Question #13: What will happen if I get less than a “C” in one of my HAN classes?
Answer: Any student with a grade of less than “C” must repeat the class(es). Keep in mind that since core classes are offered in the fall semester and the concentration classes are offered in the spring semester, the student will have to return the following fall or spring semester to repeat the coursework.
Question #14: How many times do I need to meet with an advisor?
Answer: Students can meet with a Health Science advisor at any time. We strongly suggest that each student meet at least twice a semester before their enrollment date.
Question #15: This is my last semester before I graduate. I just found out that I am missing a D.E.C. requirement.
Answer: It is a student’s responsibility to make sure that they have met all requirements for graduation. All evaluations with a Health Science advisor are considered “unofficial” evaluations and should only be used as a guide. We encourage all students to access the SOLAR system to review your Degree Progress Report. If you have any questions, please contact your Health Science advisor.
Question #16: What will my class schedule look like?

Answer: Students can expect to be in classes 5 days a week. Courses are offered in the morning, afternoon, and evening. Students should expect their Health Science fall and spring schedule to include a Friday class.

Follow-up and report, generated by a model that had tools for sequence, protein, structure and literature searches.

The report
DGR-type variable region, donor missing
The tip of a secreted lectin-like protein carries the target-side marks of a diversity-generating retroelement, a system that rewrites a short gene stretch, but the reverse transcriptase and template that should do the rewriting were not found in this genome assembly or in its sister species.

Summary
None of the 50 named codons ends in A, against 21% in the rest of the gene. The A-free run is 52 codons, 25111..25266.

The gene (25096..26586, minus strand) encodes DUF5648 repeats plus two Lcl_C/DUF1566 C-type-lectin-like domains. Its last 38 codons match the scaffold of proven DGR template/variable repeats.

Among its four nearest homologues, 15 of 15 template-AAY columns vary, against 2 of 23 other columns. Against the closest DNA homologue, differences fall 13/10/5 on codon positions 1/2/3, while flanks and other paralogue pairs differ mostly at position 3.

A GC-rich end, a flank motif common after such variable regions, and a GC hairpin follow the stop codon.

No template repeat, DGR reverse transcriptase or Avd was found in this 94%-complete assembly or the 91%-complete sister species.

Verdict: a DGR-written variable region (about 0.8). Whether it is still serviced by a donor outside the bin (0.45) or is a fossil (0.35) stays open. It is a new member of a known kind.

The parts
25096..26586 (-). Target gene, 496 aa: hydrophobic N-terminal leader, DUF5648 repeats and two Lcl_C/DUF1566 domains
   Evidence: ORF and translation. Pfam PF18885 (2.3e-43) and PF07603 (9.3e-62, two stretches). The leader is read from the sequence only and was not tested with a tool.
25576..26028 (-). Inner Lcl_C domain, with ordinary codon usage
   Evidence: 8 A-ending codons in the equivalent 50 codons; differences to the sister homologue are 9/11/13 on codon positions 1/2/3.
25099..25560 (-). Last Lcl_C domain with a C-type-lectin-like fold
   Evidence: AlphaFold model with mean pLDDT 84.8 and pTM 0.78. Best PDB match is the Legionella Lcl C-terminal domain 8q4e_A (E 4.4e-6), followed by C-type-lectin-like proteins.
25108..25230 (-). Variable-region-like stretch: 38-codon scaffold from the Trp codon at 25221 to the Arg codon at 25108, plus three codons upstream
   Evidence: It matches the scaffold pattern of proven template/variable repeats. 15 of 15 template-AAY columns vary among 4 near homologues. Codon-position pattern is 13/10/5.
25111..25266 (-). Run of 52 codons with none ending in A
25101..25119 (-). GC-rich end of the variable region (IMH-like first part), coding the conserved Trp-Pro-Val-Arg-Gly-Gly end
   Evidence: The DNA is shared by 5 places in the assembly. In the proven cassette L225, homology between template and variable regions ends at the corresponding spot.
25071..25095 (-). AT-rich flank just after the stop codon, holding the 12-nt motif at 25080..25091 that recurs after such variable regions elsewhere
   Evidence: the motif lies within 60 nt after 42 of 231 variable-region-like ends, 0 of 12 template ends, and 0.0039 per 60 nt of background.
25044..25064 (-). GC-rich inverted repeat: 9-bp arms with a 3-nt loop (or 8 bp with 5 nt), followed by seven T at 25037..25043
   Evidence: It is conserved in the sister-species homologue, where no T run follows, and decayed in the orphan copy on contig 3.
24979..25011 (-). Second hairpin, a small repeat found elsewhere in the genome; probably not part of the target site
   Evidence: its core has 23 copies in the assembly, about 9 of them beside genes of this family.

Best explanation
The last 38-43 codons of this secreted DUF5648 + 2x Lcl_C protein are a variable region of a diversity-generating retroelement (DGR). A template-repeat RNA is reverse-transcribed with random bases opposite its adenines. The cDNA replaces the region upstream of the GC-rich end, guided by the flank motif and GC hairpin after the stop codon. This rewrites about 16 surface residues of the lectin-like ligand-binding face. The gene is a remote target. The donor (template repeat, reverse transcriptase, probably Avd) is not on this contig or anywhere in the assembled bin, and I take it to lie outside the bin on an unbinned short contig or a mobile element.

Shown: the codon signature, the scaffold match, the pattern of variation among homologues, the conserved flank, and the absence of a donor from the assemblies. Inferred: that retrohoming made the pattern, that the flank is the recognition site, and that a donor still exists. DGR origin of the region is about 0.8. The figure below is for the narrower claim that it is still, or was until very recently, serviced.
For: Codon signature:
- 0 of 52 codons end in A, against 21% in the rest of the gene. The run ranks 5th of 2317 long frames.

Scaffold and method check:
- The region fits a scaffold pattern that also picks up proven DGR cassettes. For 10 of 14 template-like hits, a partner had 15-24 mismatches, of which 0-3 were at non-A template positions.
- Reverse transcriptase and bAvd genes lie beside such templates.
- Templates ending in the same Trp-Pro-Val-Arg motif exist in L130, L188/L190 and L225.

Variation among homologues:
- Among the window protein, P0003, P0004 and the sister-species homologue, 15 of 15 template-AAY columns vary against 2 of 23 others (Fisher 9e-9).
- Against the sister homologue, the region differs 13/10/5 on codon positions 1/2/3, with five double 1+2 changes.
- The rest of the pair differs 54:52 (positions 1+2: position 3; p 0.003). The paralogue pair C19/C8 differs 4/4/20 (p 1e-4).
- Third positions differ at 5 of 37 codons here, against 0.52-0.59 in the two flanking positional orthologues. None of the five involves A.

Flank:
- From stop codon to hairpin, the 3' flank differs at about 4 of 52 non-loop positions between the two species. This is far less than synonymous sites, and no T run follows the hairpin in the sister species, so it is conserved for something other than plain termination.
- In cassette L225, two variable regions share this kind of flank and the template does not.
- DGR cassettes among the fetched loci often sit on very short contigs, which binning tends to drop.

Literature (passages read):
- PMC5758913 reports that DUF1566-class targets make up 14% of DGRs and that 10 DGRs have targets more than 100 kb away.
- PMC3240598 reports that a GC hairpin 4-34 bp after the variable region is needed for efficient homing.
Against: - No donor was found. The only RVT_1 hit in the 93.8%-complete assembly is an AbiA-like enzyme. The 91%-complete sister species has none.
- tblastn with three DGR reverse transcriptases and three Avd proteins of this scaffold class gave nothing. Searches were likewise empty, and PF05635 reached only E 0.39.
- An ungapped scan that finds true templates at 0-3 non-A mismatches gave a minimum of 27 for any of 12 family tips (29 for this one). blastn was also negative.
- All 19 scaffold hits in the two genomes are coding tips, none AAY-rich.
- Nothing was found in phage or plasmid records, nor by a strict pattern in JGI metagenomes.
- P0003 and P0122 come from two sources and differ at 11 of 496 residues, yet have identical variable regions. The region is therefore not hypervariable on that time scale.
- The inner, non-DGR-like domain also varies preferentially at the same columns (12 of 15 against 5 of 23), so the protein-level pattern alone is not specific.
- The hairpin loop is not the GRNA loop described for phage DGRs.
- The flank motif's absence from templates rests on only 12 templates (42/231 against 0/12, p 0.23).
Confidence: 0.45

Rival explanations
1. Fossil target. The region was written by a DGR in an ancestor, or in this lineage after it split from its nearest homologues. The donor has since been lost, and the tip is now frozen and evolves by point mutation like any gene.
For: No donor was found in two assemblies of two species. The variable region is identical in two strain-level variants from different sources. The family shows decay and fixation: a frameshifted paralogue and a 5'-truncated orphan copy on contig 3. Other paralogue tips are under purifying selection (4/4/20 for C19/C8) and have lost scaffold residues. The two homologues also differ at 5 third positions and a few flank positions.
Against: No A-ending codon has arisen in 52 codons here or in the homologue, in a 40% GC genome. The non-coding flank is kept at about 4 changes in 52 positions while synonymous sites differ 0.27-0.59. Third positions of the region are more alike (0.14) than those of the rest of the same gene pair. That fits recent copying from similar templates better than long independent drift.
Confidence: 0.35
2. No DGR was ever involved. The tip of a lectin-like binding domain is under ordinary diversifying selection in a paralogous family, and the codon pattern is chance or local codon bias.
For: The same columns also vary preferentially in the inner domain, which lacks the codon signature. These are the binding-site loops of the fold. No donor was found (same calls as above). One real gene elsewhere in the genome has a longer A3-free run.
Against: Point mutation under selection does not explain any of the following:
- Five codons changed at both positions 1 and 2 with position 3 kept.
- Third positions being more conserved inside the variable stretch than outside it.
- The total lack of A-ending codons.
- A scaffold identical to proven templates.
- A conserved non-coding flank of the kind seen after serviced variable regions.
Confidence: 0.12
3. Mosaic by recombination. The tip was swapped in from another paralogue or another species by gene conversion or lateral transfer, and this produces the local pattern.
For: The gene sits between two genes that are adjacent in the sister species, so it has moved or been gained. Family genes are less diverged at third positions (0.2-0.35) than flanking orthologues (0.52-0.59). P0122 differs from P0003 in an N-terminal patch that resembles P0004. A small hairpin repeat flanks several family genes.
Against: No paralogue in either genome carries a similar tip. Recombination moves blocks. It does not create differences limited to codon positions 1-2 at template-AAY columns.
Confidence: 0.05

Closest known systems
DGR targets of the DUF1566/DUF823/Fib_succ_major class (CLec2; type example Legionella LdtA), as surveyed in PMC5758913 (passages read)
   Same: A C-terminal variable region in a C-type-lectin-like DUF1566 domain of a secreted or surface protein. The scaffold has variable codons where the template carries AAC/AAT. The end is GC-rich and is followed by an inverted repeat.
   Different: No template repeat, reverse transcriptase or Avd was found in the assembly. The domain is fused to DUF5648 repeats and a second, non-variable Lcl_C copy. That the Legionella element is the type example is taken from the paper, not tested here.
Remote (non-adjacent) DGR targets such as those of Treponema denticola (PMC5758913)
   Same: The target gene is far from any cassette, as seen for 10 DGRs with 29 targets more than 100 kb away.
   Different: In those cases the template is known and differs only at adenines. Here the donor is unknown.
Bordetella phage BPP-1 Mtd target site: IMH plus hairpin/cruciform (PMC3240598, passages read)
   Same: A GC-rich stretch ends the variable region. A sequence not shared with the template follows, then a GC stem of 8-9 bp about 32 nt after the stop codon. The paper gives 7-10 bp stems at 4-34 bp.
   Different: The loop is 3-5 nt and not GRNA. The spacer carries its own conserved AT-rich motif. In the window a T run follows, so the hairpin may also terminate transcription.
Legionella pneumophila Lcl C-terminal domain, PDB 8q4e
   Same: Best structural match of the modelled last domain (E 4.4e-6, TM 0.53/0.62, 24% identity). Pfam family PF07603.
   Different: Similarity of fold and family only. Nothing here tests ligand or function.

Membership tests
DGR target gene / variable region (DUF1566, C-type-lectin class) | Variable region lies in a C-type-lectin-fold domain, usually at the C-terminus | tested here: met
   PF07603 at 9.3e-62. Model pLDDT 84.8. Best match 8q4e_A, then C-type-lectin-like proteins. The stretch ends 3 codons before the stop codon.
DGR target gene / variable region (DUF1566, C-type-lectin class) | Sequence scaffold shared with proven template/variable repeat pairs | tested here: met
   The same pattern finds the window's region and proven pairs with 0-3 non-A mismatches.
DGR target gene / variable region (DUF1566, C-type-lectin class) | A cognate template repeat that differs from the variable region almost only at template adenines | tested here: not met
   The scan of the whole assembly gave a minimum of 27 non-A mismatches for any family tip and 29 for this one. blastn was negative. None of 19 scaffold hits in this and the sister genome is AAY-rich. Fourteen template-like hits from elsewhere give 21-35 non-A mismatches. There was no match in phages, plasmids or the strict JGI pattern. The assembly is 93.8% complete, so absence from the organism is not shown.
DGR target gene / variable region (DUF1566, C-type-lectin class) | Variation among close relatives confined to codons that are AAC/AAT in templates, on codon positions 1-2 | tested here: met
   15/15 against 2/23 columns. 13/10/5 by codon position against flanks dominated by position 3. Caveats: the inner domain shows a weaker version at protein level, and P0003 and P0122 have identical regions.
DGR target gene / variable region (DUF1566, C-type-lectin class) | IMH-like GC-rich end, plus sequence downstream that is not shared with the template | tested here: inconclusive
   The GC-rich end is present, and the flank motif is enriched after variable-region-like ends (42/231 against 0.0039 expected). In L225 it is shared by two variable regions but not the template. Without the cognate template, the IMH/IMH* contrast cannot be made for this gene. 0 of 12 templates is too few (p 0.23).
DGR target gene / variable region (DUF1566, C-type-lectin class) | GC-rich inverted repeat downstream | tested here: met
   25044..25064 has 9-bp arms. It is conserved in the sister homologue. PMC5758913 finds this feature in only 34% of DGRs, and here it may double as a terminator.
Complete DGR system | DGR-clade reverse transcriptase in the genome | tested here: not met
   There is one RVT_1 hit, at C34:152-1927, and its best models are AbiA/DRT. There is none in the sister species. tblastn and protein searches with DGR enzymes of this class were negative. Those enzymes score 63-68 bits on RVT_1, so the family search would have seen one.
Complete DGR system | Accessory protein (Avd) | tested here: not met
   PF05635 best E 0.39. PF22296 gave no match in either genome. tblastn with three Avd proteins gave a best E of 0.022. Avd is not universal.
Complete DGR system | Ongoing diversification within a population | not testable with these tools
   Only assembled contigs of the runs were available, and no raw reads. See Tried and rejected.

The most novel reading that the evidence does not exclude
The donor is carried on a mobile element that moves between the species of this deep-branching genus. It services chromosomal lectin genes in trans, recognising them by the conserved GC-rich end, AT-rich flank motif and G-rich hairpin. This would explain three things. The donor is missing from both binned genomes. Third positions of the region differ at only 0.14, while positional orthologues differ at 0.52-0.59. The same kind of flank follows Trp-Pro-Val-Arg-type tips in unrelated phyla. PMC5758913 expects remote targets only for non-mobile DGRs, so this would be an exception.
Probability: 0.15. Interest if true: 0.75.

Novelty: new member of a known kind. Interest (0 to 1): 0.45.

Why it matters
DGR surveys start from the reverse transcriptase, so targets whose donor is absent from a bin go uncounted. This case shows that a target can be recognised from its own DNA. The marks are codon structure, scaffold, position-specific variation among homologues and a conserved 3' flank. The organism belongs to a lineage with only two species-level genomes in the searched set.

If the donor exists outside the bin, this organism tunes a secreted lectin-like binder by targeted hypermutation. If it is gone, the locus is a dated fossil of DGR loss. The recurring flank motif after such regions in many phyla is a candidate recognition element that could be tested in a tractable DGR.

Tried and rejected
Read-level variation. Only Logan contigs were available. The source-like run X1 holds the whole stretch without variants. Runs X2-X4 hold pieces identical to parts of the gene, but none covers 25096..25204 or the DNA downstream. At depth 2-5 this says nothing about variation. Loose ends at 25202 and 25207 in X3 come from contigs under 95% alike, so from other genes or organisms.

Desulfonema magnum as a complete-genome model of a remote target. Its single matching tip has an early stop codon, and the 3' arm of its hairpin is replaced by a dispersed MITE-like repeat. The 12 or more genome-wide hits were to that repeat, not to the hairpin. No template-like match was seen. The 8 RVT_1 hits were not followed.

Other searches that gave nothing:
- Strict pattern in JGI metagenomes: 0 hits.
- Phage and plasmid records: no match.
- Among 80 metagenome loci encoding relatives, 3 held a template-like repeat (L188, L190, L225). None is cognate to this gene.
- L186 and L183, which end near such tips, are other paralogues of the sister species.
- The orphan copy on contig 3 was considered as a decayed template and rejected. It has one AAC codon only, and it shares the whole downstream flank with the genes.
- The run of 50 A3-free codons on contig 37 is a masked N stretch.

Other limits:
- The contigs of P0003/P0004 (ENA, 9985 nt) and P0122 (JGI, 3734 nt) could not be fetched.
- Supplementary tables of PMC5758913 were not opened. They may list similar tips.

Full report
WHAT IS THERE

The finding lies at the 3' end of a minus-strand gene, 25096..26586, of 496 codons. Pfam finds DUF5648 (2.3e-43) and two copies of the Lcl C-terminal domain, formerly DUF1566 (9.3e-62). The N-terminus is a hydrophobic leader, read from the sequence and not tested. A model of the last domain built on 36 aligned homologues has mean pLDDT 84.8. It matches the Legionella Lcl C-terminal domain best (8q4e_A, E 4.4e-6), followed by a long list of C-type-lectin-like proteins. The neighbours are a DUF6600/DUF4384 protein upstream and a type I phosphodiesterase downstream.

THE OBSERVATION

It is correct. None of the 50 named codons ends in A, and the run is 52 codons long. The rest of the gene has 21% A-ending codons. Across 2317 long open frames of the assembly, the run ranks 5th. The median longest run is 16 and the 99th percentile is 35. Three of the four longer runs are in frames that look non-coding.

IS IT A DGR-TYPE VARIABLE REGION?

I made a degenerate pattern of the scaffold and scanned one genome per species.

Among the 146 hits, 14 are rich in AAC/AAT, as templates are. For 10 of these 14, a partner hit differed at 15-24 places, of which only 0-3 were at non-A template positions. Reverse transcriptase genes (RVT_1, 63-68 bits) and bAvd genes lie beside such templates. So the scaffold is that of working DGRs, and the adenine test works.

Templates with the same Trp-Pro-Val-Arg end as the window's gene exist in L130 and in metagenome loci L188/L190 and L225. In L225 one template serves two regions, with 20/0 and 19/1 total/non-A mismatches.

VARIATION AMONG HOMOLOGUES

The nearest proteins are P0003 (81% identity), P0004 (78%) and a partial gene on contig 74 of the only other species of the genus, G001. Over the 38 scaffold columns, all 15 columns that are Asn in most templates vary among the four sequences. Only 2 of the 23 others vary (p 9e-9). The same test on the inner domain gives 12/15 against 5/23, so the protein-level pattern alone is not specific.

Question #17: During my senior year, can I enroll into courses from different tracks/learning communities?

Answer: The Senior year tracks/learning communities are designed so that you will have class with the same students for each of your core courses during the fall semester of your senior year. In  the spring semester, based on your concentration area, you will also have the same students for each concentration-specific course. The design of this model therefore does not allow you to mix and match courses from different tracks. For example, if you are enrolled into track 2, you must register for all the courses from track 2 (you would not be able to enroll into courses from other tracks).

Question #18: What should I do if I already have my bachelor's degree but I am interested in becoming a Radiologic Technologist?